How bad is (your) civic literacy?

Some group that seems a bit dubious, the Intercollegiate Studies Institute, has released some dramatic report about how American colleges are failing our students in basic literacy about American history and politics.  Maybe we are, but I'm certainly not convinced based upon students at colleges “failing” their quiz.  Tell you what– it's hard.  It does not strike me as “basic” literacy.  My job is founded upon American politics and political history and I really struggled with a number of questions.  Still, I did get 58 out of 60–let me know if you can beat me.  The problem with this quiz, and so many like it, it that it focuses on factoids and not the big picture.  I don't really care whether my students know what founding document the phrase “All men are created equal” came from.  Rather, I care that they understand the unique and changing role of equality in American political culture.  Likewise, it is not so important that they understand what Supreme Court case created judicial review as that they understand the fundamental role of judicial review in our democracy.  Take the quiz yourself and see what you think.  And, I am pretty proud of my 58, so let me know if you top it.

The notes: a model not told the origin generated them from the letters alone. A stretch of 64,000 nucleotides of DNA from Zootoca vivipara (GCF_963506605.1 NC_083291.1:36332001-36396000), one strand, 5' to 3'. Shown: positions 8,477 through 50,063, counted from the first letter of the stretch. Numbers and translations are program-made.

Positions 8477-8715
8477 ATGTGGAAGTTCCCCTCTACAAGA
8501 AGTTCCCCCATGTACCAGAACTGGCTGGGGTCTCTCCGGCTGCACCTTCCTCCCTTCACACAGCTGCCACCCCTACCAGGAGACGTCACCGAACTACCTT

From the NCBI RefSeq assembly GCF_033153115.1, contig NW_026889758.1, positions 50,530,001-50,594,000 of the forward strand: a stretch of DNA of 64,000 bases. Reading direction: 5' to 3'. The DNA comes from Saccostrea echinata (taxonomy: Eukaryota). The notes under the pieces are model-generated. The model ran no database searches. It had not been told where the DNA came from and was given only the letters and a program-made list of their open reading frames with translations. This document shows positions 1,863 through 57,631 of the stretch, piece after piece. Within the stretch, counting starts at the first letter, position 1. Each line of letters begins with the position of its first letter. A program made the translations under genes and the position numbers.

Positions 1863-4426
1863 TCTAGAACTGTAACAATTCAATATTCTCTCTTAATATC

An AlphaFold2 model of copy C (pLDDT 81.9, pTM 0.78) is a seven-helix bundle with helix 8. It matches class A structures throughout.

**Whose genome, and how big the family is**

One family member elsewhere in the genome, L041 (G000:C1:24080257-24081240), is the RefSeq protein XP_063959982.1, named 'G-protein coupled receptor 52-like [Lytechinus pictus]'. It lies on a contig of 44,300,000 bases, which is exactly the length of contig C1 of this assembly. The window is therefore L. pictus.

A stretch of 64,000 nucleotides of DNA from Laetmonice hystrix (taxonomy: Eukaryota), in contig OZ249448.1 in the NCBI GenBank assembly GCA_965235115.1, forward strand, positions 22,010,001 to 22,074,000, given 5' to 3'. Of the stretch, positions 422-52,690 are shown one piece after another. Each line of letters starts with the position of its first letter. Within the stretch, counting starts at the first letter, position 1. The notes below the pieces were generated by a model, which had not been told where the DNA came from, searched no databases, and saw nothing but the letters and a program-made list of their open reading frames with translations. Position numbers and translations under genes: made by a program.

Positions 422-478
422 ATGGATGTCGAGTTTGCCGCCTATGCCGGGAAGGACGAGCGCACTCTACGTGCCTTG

The slow rate of blogging and parenthood

No, its not that I've been too busy being a dad, rather I spent all last week working on a presentation to give at the UNC Political Science department.  So, since I almost never plug my own research, I thought I'd do a little plugging to explain what I was working on all week.  My friend and colleague, Laurel Elder, are working on a book project tentatively titled, The Politics of Parenthood.  Among our most interesting findings, we show that politicians have dramatically increased their references to parents, families, children, etc., in recent decades to sell policies from tax cuts to business regulation.  Not surprisingly, media usage of these terms in a political context is way up, too.  Here's one of our nice graphs…

So, that's what I've been working on.  Look for the book in a store near you (okay, probably not, but at least Amazon) in 2010.

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